must be done because of the applicability of this information to advertising and
marketing. This information may be used to make effective, more efficient
advertisements that better serve to educate possible consumers about the usefulness of
a particular product.


Meghan E. Haddad

Major: Psychology/Neuroscience
Comp Advisor: Sarah Conklin

The Effect Of Mindfulness Meditation And Intense Cardiovascular Exercise On Stress
Reduction

Cardiovascular disease has often been positively associated with stressful life events.
Certain long term behavioral changes, such as practicing exercise and meditation, have
been suggested as reducing the negative effects of stress on health. It was
hypothesized that meditation would cause the lowest cardiovascular response to stress,
followed by exercise, compared to a non-exercising, non-meditating control. Thirty
participants were placed in either a meditation, exercise, or control group based on
questionnaire answers. A mental arithmetic stressor was given to each participant and
heart rate and blood pressure were measured during baseline, stressor, and recovery.
Heart rate reactivity and systolic blood pressure reactivity did not differ significantly
between groups, but the control group had significantly lower diastolic blood pressure
reactivity than the exercise group. Differences in perceived stress among groups, the
law of initial values, and the lack of generalizability of laboratory stressors may account
for differences between the experimental results and the hypothesis.


Nicholas R. Joseph

Major: Psychology
Comp Advisor: Patricia Rutledge
Parental Substance Abuse Problems: Predicting Alcohol And Marijuana Use In College
Students

This study examined various predictors of college alcohol and marijuana use,
specifically parental alcohol and drug problems, gender, grade point average,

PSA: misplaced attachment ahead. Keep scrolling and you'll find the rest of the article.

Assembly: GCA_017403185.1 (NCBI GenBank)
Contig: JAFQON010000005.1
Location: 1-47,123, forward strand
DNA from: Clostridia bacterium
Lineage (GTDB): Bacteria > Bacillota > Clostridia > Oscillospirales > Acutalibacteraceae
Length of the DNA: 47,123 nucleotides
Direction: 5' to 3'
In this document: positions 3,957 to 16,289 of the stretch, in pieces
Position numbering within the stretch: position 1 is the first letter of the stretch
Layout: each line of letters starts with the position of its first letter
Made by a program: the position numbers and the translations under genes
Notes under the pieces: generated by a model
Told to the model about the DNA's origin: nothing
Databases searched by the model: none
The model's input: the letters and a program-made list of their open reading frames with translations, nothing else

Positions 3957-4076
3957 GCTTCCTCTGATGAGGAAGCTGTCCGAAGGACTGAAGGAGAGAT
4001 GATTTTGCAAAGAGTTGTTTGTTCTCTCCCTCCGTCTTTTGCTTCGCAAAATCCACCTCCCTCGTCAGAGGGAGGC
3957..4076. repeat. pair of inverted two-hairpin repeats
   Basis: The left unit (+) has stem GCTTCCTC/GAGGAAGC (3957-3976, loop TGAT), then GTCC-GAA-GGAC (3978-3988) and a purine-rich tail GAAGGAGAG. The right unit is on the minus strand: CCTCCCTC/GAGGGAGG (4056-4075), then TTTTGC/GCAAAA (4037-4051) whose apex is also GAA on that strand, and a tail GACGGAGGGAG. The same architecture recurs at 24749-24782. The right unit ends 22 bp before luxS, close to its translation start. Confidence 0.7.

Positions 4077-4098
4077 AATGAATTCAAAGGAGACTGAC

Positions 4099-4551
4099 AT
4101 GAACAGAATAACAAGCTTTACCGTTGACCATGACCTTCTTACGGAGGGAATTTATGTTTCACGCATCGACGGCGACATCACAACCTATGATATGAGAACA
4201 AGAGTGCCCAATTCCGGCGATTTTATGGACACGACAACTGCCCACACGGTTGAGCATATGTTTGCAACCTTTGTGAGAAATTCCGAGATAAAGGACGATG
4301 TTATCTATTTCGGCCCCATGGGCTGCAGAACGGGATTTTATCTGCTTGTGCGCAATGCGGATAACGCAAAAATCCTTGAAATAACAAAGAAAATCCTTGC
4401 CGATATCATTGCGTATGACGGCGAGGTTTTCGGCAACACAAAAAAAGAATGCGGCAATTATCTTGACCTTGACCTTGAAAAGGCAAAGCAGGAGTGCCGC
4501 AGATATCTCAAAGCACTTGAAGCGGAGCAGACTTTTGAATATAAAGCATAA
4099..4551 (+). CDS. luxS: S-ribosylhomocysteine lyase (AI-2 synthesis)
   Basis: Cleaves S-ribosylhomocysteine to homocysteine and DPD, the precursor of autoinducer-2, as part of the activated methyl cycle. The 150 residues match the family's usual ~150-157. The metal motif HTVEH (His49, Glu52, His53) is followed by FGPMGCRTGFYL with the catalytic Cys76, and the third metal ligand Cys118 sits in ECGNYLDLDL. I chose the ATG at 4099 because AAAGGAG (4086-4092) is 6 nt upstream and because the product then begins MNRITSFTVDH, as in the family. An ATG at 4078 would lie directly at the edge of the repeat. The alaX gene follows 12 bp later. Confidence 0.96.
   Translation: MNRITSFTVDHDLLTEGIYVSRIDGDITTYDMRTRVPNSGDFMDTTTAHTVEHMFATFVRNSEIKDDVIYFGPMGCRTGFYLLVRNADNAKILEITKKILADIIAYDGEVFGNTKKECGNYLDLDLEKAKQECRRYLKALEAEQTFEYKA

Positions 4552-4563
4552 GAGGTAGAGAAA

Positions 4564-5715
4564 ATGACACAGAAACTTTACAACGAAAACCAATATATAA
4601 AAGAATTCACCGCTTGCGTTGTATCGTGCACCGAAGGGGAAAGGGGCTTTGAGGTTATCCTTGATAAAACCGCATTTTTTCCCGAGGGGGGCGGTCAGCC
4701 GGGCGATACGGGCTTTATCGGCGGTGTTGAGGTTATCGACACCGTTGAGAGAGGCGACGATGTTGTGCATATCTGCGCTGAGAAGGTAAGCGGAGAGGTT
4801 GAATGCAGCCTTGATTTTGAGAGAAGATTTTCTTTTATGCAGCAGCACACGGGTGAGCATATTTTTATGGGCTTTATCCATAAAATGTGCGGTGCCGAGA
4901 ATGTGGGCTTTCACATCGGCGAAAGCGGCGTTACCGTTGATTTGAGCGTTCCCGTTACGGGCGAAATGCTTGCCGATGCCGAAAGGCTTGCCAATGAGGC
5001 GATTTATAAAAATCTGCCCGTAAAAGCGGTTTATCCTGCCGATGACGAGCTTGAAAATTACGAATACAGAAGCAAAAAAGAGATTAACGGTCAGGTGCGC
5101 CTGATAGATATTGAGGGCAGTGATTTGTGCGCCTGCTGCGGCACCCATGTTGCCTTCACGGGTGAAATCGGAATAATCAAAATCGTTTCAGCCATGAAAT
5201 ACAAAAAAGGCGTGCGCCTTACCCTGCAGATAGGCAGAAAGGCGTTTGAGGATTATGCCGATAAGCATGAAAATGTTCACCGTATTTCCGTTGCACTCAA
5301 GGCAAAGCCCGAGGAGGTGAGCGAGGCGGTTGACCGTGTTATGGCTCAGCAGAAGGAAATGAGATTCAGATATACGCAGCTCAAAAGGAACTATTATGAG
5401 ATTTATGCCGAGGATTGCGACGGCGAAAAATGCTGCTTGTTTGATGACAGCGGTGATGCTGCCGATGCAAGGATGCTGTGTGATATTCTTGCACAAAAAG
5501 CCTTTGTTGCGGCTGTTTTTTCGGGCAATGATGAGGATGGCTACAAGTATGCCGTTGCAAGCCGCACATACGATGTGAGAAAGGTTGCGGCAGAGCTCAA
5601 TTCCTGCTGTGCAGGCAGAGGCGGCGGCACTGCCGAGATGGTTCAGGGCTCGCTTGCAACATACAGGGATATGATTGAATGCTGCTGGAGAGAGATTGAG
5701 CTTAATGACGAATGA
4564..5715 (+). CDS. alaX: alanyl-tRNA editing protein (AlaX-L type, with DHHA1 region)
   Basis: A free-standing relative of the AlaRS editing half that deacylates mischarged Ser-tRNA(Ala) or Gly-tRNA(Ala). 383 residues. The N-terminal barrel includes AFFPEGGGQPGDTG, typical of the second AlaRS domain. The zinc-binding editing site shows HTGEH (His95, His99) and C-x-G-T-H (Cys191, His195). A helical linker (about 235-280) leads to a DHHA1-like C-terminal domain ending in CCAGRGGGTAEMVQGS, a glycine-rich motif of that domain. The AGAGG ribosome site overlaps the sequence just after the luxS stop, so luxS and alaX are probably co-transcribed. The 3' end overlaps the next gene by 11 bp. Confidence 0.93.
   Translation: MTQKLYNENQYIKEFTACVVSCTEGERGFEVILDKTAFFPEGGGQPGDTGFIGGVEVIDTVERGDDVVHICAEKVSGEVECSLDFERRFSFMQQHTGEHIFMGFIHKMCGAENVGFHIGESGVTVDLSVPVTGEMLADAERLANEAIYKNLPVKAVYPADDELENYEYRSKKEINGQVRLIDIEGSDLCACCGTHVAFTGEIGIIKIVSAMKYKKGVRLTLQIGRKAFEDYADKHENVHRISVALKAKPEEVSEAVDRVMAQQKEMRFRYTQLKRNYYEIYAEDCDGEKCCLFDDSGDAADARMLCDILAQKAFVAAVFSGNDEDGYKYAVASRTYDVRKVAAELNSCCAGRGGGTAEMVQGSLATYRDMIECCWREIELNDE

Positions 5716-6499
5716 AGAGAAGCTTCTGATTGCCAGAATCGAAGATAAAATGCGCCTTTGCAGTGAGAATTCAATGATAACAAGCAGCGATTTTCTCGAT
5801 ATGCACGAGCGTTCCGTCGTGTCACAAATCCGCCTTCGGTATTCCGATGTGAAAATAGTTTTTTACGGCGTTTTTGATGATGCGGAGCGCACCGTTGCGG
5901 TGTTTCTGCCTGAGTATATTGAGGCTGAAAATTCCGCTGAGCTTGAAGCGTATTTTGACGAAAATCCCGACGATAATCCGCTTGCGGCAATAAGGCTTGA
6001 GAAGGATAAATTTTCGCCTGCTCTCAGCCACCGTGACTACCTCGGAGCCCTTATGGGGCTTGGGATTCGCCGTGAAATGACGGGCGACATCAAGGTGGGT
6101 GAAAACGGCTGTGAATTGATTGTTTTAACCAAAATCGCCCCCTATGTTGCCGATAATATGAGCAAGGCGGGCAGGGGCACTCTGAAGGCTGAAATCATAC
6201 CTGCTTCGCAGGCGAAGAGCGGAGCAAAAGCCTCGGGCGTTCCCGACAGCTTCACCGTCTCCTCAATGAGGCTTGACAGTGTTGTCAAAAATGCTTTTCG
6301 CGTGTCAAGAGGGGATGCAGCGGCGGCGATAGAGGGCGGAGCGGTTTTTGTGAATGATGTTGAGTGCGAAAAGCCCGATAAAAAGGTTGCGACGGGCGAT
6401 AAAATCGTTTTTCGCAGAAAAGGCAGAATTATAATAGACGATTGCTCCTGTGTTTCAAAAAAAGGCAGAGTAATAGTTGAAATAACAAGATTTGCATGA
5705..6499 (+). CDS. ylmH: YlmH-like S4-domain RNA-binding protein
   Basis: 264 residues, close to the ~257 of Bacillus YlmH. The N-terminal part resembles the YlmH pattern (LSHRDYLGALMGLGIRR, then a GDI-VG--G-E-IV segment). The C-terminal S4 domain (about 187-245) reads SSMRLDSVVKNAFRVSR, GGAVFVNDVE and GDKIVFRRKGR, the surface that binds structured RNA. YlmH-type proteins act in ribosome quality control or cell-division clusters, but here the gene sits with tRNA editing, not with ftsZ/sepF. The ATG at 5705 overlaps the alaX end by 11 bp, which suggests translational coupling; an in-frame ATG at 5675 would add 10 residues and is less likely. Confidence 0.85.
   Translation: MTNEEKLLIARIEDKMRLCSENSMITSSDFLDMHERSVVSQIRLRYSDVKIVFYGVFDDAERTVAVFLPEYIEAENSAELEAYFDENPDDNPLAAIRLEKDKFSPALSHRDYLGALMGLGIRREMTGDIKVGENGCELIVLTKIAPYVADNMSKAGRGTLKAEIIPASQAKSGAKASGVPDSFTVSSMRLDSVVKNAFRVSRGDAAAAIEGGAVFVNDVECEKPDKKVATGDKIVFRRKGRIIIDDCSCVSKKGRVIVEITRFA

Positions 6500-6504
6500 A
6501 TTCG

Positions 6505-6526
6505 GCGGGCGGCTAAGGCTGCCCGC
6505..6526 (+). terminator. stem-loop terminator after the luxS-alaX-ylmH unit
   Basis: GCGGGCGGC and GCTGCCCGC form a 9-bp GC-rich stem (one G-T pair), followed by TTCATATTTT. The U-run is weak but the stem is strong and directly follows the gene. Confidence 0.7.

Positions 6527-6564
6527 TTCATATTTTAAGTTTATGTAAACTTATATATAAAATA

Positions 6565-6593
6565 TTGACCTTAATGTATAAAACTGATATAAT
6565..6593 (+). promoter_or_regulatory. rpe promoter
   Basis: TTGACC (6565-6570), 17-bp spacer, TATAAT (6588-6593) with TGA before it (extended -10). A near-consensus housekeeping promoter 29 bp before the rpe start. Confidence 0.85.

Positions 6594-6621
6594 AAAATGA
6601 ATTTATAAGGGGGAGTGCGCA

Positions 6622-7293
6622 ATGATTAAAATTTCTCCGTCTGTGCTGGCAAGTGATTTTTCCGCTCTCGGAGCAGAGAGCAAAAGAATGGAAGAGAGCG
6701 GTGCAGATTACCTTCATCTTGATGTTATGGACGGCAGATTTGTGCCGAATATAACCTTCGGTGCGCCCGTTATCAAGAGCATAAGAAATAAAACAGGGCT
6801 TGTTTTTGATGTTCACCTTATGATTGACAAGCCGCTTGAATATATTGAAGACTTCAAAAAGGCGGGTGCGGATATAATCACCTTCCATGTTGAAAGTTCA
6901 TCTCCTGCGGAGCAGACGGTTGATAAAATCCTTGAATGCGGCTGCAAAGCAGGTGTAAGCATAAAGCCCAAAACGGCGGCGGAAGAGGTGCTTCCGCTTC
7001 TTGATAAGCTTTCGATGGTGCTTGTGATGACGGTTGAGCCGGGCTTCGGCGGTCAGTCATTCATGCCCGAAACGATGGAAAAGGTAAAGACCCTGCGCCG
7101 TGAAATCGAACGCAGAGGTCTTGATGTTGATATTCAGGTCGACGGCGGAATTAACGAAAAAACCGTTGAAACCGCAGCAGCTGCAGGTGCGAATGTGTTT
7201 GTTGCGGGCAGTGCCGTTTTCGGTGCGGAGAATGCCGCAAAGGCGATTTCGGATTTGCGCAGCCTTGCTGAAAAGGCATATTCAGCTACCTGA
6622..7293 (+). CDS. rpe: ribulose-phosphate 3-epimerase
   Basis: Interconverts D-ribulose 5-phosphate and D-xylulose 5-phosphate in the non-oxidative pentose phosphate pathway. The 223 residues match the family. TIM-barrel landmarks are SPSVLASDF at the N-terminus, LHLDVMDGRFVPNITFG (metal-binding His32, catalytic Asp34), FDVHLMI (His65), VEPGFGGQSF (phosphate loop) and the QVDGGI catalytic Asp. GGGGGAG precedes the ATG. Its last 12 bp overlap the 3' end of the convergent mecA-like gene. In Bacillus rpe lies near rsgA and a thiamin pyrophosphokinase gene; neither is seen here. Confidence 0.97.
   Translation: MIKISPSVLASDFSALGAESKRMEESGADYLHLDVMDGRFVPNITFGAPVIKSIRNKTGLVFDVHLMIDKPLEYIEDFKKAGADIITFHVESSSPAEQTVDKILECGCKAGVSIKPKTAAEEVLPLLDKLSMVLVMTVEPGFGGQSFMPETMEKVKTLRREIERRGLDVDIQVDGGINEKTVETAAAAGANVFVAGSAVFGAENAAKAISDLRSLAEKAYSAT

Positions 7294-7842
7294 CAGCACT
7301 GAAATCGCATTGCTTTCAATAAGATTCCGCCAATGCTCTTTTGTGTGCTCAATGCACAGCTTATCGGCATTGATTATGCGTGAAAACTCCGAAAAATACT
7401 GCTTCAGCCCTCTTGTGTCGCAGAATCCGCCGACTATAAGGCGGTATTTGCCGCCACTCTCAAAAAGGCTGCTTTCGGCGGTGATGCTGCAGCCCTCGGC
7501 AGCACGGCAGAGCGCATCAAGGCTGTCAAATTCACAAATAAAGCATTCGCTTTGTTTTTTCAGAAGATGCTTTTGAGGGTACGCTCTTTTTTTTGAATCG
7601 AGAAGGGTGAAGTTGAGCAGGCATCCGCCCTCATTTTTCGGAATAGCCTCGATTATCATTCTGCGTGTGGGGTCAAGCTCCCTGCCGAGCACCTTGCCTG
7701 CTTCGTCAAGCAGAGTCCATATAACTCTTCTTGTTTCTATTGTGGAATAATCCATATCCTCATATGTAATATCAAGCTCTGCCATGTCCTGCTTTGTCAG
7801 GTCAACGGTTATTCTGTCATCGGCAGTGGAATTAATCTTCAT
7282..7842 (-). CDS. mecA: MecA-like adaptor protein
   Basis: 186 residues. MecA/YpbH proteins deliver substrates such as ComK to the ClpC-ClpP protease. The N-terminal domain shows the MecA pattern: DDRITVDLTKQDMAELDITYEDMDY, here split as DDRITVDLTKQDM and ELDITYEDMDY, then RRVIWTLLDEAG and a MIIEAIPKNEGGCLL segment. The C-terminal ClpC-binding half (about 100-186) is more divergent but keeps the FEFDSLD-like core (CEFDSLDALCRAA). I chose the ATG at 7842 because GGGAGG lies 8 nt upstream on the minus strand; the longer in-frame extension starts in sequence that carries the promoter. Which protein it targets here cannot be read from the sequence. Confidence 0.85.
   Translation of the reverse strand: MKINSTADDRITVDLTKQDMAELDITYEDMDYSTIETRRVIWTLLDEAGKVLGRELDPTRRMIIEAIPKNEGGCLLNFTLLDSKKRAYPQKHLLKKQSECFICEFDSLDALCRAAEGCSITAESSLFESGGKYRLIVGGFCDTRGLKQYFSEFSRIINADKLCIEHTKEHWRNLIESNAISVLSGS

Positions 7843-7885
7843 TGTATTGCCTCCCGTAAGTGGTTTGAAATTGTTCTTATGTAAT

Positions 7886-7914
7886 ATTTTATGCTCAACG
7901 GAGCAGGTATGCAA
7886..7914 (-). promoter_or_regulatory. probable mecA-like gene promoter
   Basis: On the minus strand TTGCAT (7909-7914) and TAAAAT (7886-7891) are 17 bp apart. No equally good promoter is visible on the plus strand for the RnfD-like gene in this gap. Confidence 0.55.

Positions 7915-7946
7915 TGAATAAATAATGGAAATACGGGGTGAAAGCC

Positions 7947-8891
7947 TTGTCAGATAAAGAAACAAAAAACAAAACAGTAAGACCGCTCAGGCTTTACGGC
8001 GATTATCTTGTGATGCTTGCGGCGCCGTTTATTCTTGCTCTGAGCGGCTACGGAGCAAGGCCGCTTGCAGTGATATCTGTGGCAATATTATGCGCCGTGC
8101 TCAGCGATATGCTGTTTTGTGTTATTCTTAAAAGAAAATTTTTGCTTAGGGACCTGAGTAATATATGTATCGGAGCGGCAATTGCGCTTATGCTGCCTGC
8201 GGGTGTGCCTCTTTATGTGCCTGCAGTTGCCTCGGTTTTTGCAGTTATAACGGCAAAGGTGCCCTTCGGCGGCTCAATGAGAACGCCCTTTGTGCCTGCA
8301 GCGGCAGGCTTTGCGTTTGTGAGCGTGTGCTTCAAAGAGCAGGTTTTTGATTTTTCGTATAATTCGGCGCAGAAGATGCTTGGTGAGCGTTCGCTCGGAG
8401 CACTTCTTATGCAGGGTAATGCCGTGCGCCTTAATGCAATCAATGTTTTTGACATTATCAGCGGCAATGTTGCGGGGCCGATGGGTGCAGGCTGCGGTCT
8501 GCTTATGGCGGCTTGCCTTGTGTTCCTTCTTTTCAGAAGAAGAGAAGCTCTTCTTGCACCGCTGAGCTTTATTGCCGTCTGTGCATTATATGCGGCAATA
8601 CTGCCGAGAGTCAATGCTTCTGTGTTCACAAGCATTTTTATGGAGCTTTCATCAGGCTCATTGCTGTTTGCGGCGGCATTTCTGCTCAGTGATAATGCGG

perceptions of risk, and perceptions of environment. Prior research supports the
importance of parental factors on adolescents and college-aged young men and women
and their substance use behaviors. During the years of 2001, 2003, 2006 and 2008,
undergraduate students (n = 184, 334, 206, 153) completed the CORE Alcohol and
Drug Survey that inquired about their substance use behaviors. Findings showed that
risk perceptions had the highest significance in predicting alcohol and marijuana use in
students. Findings also indicated that despite previous research support, parental
problems were not significant in predicting alcohol and marijuana use in students.
Limitations of the study are noted and implications are discussed.


Ashton R. Kohler

Major: Psychology
Comp Advisor: Joshua Searle-White

Adoption Processes: The Open Adoption Claim

In light of historical and social changes that have triggered a trend toward openness in
adoption practice, this review examines the implications of open adoption. As the
frequency of open adoptions is increasing, there is still much debate about whether this
type of adoption is best for the birthmother, adoptive parents and adoptee. Openness in
adoption is emotional and debatable and involves the balancing of interests and rights
among the adoptive triad. This review examines potential risks and benefits of open
adoption evidenced by research findings and explained through various leading
theoretical perspectives. It is suggested that while forms of openness are beneficial,
some forms can also be problematic and must be considered and practiced with
caution. Furthermore, the choice of adoption method should be a case-by-case matter
that focuses on the rights and development of the adoptee.


Sarah B. Leis

Major: Psychology
Comp Advisor: Sarah Conklin

Group And Individual Work While Brainstorming An Investigation Of Productivity And
Creativity

In order to explore the effect of group brainstorming on creativity and productivity, 90
undergraduates from a small, private, liberal arts college completed the Alternate Use
task both individually and in groups of three. Both creativity and productivity were found
to increase when working in groups as compared to brainstorming alone. Another
variable that correlated with creativity and productivity was comfort level when sharing.
Further, productive collaboration correlated with a positive opinion of group work, as
surveyed by participants. Researchers encourage the creativity and productivity-
enhancing factors of group brainstorming to be further explored so that more efficient
groups can be created in the future.


Kelli E. McCune

Major: Psychology
Comp Advisor: Deb Dickey

Facial Symmetry's Role In Personality Perceptions And Interpersonal Relationships

The aim of the current experiment was to test for perceptions of personality and